05-24-2012, 08:03 PM
  #6
Yearling
Has he ever had a lameness exam? Just wondering if a vet has ever really examined his movement or if the vet was only asked about the weight issue.

Like I said, I am pretty new as well but I have had some lameness issues with my horse so I have found myself really watching other horses when they move. Your horse looks really, REALLY lame on the back end.

But I am not an expert, especially when it comes to gaited horses. I just don't remember thinking when I look at the paso finos or TWH's where I board. "Gosh, that horse looks like he is pain". And I think your horse looks like he is in pain.

Maybe someone with more experience with gaited horses can tell me I am wrong and I am fine with that. Still learning. :)
     
    05-24-2012, 08:05 PM
  #7
Yearling
OP, I am sorry this road has been tough. Get many opinions and do research on the credentials of whoever make your final diagnosis. And get someone who specializes in gaited breeds, maybe?

Good luck and don't mind the crass nature of some people.
     
    05-24-2012, 08:06 PM
  #8
Weanling
round pen - YouTube

Another of him moving out in the round pen..I know I didnt have a great handle on him at this point.I normally do .I was trying to get a good action shot
     
    05-24-2012, 08:07 PM
  #9
Showing
This is one of those rare occasions that I feel the need to agree with Ripper up to a point. There is something going on with that horse that is causing some pretty serious lameness pretty much all the way around. I see severe calf knees at the walk and severe sickle hocks as well. Couple that with a few other things I see in his movement and I have a suspicion that he may have been a big lick horse at some point in his life. I can't say for certain, of course, but that's what I'm seeing. The broken down hind end with the extreme swishy hock action and the inconsistent leg movement on the fronts is what makes me think that.

Also, is it a common thing for him to get up from a roll that way, staying on his knees and getting up with his back end first? I've never seen a sound horse do that, they normally get up from the front end first unless it painful for them.

IMHO, this horse really needs to be seen by a lameness expert and there needs to be tests run to find out why he's so floppy in the back end and so hesitant on the front, whether it's just from lack of muscle or something structural or maybe neurological.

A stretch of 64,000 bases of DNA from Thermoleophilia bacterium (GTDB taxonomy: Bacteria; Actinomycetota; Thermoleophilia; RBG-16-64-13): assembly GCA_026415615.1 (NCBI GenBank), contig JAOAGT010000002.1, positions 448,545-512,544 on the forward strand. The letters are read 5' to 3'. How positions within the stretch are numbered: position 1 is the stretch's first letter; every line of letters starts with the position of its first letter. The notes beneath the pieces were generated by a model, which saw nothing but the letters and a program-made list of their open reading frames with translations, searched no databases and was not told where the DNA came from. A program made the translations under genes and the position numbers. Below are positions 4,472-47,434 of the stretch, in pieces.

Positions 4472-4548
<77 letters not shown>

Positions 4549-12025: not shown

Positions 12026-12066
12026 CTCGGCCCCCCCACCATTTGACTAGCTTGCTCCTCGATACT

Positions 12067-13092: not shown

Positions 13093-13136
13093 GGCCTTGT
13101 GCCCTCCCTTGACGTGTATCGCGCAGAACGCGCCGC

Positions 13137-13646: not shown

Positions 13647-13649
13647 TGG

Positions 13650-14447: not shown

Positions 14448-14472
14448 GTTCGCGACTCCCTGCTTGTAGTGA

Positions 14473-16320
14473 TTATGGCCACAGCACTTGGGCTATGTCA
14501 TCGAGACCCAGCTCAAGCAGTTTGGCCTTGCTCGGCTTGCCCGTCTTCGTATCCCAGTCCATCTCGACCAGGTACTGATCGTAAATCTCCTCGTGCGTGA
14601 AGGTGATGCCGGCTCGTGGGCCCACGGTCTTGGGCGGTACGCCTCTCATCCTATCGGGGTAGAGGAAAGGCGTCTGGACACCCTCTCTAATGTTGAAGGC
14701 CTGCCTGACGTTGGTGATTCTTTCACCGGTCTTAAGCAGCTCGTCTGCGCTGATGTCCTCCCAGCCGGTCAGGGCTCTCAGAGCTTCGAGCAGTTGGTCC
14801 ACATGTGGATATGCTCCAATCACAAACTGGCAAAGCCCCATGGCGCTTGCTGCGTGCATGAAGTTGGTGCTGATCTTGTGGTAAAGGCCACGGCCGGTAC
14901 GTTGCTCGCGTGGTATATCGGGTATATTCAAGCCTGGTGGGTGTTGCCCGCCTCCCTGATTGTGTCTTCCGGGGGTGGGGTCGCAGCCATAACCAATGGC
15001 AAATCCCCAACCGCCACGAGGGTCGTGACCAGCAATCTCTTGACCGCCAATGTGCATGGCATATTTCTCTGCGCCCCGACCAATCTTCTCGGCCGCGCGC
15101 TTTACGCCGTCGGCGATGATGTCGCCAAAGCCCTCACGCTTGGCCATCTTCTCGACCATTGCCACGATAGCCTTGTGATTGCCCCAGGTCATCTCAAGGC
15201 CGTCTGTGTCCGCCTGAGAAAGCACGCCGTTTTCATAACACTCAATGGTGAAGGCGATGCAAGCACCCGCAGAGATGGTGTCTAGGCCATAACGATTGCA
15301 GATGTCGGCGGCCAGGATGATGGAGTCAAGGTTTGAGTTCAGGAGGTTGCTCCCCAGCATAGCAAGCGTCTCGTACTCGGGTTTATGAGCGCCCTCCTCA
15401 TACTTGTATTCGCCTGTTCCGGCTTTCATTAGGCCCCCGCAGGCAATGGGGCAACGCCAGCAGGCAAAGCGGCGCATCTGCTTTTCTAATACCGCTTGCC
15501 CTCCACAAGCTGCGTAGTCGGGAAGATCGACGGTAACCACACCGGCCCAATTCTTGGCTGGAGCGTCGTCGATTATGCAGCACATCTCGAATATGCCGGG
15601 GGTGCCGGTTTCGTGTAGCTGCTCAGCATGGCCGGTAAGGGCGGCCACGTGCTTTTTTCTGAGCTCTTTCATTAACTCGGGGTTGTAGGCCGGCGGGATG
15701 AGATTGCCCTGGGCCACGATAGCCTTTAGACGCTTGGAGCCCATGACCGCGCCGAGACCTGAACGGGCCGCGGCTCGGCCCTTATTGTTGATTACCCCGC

Whatever the cause, there is something that's causing the compromised movement and it really should be checked out. About his comment regarding the "stop riding him now or he'll have to be put down within a year". Without a battery of tests, there is no way to tell that for sure, perhaps not even with the tests. The funny thing about horses, if you ever start speaking in absolutes about something so unpredictable, then they will seem to go out of their way to prove you wrong.

Have him checked out by a lameness expert to find the cause of the wonky movement and then get their opinion about his long-term care and prognosis. We can speculate all we want about a grainy video, but we can't tell the cause, just the obvious symptoms.
     
    05-24-2012, 08:09 PM
  #10
Weanling
Quote:
Originally Posted by corgi    
Has he ever had a lameness exam? Just wondering if a vet has ever really examined his movement or if the vet was only asked about the weight issue.

Like I said, I am pretty new as well but I have had some lameness issues with my horse so I have found myself really watching other horses when they move. Your horse looks really, REALLY lame on the back end.

But I am not an expert, especially when it comes to gaited horses. I just don't remember thinking when I look at the paso finos or TWH's where I board. "Gosh, that horse looks like he is pain". And I think your horse looks like he is in pain.

Maybe someone with more experience with gaited horses can tell me I am wrong and I am fine with that. Still learning. :)

The vet that I had out 6 months ago had me move him around for him so he could see him move.The only thing he wasnt happy with was his farrier work but he never said he looked lame,Im anxiouse to see what the vet that comes to the Walking horse barn says.One trainer that saw the videos said that he was a "show bred" horse and that's why his hips look like that.